Temporary Permanence

Temporary Permanence

Lukas Vacula's personal website and blog.

09 Mar 24

Home Lab and Selfhosting Redesign Thoughts

I've been hosting some of my own services since 2019. It started as just a Wordpress blog, but now I have things like Nextcloud and Shaarli that give me tangible benefits. However, these services are currently spread across about 5 different servers and nearly none of them are worth the price for what they do individually. The goal of this post is to share my thoughts and possibly collect some feedback about how to go about changing things.

(Side note: Google says that I've spent nearly $1500 in their cloud since April 2019. That sounds like a lot, but the amount I've gained from learning to use it has been a lot more.)

The Current Setup

Currently, I have a server in Google Cloud that I pay ~$30 a month for. It hosts Nextcloud, Mediawiki, my blog, and some other smaller services. The VPS is running Rocky Linux, and the services are all in Docker. My primary reason for using it is not a particularly great one - it's what I've been using since I started selfhosting. That's... not a great reason. $30 for 2 vCPUs and 4GB of RAM is enough to buy the equivelent Raspberry Pi model every 2 months. However, it also gives me a different IP (so nobody is who tries to DDOS me will kill my home network connectivity) and it's resilient to the semi-regular power outages I have at home.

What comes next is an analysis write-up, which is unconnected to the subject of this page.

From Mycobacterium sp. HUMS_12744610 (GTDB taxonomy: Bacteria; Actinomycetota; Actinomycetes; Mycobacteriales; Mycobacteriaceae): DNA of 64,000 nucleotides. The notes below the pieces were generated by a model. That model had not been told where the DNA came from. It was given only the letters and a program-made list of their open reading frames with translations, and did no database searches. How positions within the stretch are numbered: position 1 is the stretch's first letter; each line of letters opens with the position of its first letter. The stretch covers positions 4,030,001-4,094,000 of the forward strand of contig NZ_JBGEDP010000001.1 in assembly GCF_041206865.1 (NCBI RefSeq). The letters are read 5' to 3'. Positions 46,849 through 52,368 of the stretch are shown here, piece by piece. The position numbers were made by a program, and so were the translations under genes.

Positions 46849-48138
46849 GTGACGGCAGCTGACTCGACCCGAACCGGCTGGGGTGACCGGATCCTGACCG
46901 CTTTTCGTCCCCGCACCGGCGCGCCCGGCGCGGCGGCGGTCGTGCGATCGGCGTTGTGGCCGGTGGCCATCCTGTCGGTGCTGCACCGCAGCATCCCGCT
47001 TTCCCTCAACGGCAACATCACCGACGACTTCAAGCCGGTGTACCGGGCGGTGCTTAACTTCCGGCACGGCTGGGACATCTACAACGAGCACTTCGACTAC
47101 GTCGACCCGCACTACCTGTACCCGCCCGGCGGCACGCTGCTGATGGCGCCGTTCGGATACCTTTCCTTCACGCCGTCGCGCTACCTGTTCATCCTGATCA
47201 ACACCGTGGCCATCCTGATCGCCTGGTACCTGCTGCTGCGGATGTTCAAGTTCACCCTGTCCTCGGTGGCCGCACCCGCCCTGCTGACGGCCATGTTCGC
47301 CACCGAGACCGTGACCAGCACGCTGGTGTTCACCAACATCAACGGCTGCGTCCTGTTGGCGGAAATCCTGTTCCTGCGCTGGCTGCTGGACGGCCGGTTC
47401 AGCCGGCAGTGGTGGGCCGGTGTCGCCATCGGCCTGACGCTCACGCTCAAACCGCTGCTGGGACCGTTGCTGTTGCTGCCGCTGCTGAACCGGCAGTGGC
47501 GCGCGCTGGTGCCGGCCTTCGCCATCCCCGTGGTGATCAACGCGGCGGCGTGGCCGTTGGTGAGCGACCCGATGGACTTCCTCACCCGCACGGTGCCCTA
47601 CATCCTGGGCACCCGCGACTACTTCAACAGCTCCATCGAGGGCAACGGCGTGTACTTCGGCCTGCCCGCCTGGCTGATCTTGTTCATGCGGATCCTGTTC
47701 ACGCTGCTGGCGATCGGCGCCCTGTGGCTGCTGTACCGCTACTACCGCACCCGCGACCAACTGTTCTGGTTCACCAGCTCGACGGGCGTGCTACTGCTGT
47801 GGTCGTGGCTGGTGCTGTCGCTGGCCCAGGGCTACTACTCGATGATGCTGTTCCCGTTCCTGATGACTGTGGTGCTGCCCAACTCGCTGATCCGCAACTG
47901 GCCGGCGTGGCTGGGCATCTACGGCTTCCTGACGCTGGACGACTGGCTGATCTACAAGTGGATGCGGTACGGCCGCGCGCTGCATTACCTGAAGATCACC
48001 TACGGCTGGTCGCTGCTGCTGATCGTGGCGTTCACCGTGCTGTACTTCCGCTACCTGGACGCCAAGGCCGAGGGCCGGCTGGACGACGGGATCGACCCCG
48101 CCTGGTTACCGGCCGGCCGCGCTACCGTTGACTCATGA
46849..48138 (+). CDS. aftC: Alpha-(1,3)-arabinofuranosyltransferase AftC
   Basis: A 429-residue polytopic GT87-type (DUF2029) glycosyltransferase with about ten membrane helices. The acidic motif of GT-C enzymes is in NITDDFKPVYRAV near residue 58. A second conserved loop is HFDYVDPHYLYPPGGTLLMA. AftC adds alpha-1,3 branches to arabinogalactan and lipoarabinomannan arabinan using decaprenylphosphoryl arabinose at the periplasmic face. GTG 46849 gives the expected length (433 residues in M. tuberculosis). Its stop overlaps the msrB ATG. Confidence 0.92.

In addition to that server, I also have a used SuperMicro server that I use for a mix of home lab and selfhosting. I've got several VMs running under KVM - including an OpnSense router to put them all in a private subnet. It also serves as a jumpbox to my network if I'm out somewhere and need to access my home network (though I won't give details for security reasons). It's a really cool setup and has been fun for learning Ansible + networking, but the power usage really high for what's essentially just running Gitea, Jenkins, and Vaultwarden. The trade-off is that I get way more bang for my buck than the VPS, but I waste a lot of electricity on unused potential.

Two other servers of note:

  • An OVH VPS that is a simple Wireguard tunnel + nginx stream proxy to the SuperMicro for I-don't-want-to-share-my-home-IP reasons.
  • A Dell mini PC for testing things when I don't want to provision a new VM in KVM, and for hosting some friends' stuff that doesn't need 90+% uptime.

The Proposed Setup

In my theoretical new setup:

  • The Google VPS would be removed.
  • The blog is migrated to Cloudflare Pages or Github Pages.
  • All services are moved to a different domain (vacula.xyz instead of lvacula.com).
  • All services are moved to a Dell micro PC with a UPS for power.
  • All services are moved to rootless Podman.
  • All services are separated into per-service pods and mapped to different ports from 8080 to 8090, then reverse-proxied out to the OVH VPS.
  • The SuperMicro server is powered down unless I'm actively using it for home lab or game server hosting.

The key part of this for me is the move from bare-metal services and Docker to rootless Podman. The security benefits of it are almost too incredible to not use it. Additionally, I want to be able to help document it and podman kube play ... + kube YAML system because podman compose is not a perfect replacement for docker compose.

Do you have thoughts on this? Do you use Podman for your self-hosting setup? Then please, dear reader, email me with your advice and knowledge. My email is "lukas" at this domain.